I made it a point to avoid looking at the news for the most part of the day today, because I knew this vote was scheduled for today in the Senate. It is indeed a great day today, now that "Don't Ask, Don't Tell," has been given it's death blow by the Senate (by a vote of 65-31). I must say that I am even more impressed that it passed as a stand alone bill in both houses of Congress and passed.
This issue has been the subject of intense debate in the comments section of this blog, when I've raised it. And the comments back and forth have been interesting, troubling, and sometimes downright strange. Yet, I am glad that my fellow gays, lesbians and bisexuals will be able to serve openly in the near future. Over the last week, I heard conservatives argue that in the military there is no individuality, that those who join are trained to simply meet the missions presented to them. Of course, they are right, to a degree. But what they exclude so conveniently is the fact that straight service members were never asked to lie about who they were; they retained that aspect of themselves. I cannot imagine my straight friend, who is currently serving, having to hide from his colleagues his wonderful wife (and fabulous cook), and his two beautiful children. I just cannot imagine what it would do to him, if he were not able to discuss openly what he did with them over the weekend, or where they spent the holidays.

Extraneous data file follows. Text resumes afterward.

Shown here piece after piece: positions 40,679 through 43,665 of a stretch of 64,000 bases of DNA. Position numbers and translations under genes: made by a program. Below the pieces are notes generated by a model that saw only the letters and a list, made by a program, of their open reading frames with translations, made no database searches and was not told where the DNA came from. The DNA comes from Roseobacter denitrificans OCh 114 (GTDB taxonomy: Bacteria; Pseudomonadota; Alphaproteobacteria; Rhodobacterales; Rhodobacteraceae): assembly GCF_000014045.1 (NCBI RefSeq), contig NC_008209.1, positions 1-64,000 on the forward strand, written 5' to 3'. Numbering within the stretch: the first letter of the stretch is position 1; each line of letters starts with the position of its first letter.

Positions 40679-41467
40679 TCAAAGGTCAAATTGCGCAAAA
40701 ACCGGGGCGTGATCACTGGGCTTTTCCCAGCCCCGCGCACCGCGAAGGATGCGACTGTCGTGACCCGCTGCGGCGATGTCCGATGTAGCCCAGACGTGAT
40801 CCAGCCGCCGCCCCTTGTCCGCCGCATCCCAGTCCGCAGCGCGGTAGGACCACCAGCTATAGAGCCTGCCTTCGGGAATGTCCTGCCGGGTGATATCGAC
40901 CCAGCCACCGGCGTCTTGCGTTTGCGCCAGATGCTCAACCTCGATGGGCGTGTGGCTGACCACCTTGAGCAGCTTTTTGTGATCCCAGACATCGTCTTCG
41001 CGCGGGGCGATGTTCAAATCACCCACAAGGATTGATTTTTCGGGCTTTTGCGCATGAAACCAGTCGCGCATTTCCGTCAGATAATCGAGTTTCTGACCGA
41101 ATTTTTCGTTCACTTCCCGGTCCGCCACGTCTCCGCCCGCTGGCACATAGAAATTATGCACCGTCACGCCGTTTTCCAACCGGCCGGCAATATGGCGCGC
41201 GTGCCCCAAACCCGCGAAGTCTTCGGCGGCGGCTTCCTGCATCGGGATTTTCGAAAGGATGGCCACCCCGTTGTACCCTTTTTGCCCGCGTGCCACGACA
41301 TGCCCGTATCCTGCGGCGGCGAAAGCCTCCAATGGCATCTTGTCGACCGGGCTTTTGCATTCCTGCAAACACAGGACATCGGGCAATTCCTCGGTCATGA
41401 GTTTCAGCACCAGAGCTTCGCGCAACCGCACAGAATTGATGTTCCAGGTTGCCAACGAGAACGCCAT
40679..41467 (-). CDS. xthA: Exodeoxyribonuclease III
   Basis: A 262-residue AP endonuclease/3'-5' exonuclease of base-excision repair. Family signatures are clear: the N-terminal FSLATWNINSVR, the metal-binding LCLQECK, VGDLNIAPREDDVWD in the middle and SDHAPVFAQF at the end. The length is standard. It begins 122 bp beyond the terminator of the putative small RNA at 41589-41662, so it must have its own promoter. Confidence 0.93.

His gay fellow soldier could lose his/her job simply by talking honestly about anything he/she did at home over the weekend or the holidays. The end of DADT stops that, and that is a good thing. I am most happy for the service members who are gay, lesbian or bisexual who are cautiously optimistic about what the future now holds. I know that there are partners rejoicing that their lives will be able to be lived without fear in the near future.
I've been asked what is in this for me. The answer is that though I have no personal stake in this issue directly (I am on the brink of being too old to serve), I believe it is the right thing to do. Apparently, my position is shared by Republican Senators Brown, Collins, Snowe, Murkowski, Kirk (who has served), Voinovich, Ensign and Burr. Did they have a personal stake in this issue? Are they trying to make gays feel better psychologically? Or, did they understand that anyone who is willing to serve our nation should be able to do just that, regardless of their sexual orientation?
You can guess my answer.